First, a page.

If you are a self-described germaphobe who squirms at the thought of bacteria and viruses lurking around your home, then you may not be too happy if you learn that your child has contracted a parasitic worm. This can happen though, and it is often described as a type of skin infection that can be treated by a dermatologist or other type of medical professional. If a parasitic worm does infect your child, there are many reasons why you should not panic.
Most Worms Can Be Treated Quite Easily
Parasitic worms commonly infect people in developing nations, and most worms can be found in Africa. However, the worms can still reside in the United States and can find their way into your child's body. This can happen if the insect that spreads the worm makes its way to this country within shipping containers. Flies are the most common carrier of worm parasites. For example, the common deerfly carries the loa loa parasite, and the worm can enter the body through a single bite from the fly.
If your child does become infected with a worm, then treatment will be required. Thankfully, treatments are typically simple and easy to administer. In most cases, a drug called an antiparasitic can be given that kills the worm. The antiparasitic variety will depend on the type of worm that has infected the body. In some cases, a medicine called Ivermectin will be given. If this medicine sounds familiar, that's because it is often given to dogs and cats as a deworming or antiparasitic agent.
Ivermectin, as well as the other varieties of antiparasitic drugs, are considered safe for mammals. One dose is usually all that is needed for humans, but the medication may be provided every three months if the parasitic infection is a persistent one.
A simple dose of antibiotics can sometimes be provided to kill and sterilize some parasites. Antibiotics can also help to treat and control bacterial skin issues that can develop after a parasitic worm infection. Your child may also be given an NSAID pain reliever for discomfort and an antihistamine to reduce swelling. Steroidal medications and creams can be provided too. Once treatment is started, symptoms should reduce fairly quickly, and the infection should go away completely within a few days or a few weeks.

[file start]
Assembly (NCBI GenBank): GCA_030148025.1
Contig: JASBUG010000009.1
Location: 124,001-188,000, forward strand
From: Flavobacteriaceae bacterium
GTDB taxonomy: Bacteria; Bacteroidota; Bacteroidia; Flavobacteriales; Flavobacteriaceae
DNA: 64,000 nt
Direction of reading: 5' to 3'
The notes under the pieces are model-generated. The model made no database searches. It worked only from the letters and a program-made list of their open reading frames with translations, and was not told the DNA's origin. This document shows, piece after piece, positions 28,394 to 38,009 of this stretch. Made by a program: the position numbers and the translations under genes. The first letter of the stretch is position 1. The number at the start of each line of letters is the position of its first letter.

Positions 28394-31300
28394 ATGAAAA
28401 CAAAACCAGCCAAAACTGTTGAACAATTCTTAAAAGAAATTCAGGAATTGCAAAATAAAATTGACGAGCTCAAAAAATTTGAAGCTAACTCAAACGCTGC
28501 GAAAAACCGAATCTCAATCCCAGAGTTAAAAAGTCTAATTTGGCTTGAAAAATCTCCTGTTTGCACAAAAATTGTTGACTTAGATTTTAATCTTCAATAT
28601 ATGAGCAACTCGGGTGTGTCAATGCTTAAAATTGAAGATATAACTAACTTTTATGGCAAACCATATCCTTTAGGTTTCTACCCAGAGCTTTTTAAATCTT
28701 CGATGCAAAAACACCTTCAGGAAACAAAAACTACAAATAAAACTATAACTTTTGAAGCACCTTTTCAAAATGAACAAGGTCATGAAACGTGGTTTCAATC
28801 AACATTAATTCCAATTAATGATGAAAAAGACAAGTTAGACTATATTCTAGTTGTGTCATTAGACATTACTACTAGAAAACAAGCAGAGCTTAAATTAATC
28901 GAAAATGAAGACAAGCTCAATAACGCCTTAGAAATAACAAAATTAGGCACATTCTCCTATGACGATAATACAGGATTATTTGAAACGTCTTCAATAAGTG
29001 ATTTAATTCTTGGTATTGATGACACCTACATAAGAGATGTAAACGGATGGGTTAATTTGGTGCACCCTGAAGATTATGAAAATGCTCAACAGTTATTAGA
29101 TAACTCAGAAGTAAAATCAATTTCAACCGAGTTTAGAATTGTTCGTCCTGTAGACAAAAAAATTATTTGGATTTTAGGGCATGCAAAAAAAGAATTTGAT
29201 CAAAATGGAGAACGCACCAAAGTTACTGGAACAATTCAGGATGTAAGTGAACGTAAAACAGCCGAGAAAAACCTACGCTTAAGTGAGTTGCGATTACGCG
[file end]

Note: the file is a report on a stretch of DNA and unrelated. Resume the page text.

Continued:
Symptoms Are Typically Mild
While a skin infection that involves a worn may sound frightening and bring about images of worms wiggling under the skin, this is not something that will happen. While some worms do migrate, like the loa loa worm, they will do this late in their life cycle. Symptoms will appear well before the worm moves, and it will not wiggle under the skin. Most of the time, the worm will remain in the fatty tissue near the fly or insect bite wound.
While the loa loa worm remains in place, your child will experience some red, swollen, and itchy patches on the skin. Your child may develop a fever at the time of infection too. Similar symptoms that include rashes, hives, fevers, and swollen lymph nodes will occur with other types of worm infections. This means that your child will not be in agony as they seek treatment.
Typically, a history will be taken to determine if your child has come into contact with any insects that may have caused a parasitic infestation. This is likely to include questions about past vacations or trips to areas where cargo may have been unloaded from a country that has parasite-spreading insects. Also, blood samples will likely be taken and investigated for antibodies that may have been produced by the immune system to combat the worm infection.
For more information on treating skin infections, talk to a doctor at a medical facility like Premier Urgent Care Centers of California, Inc.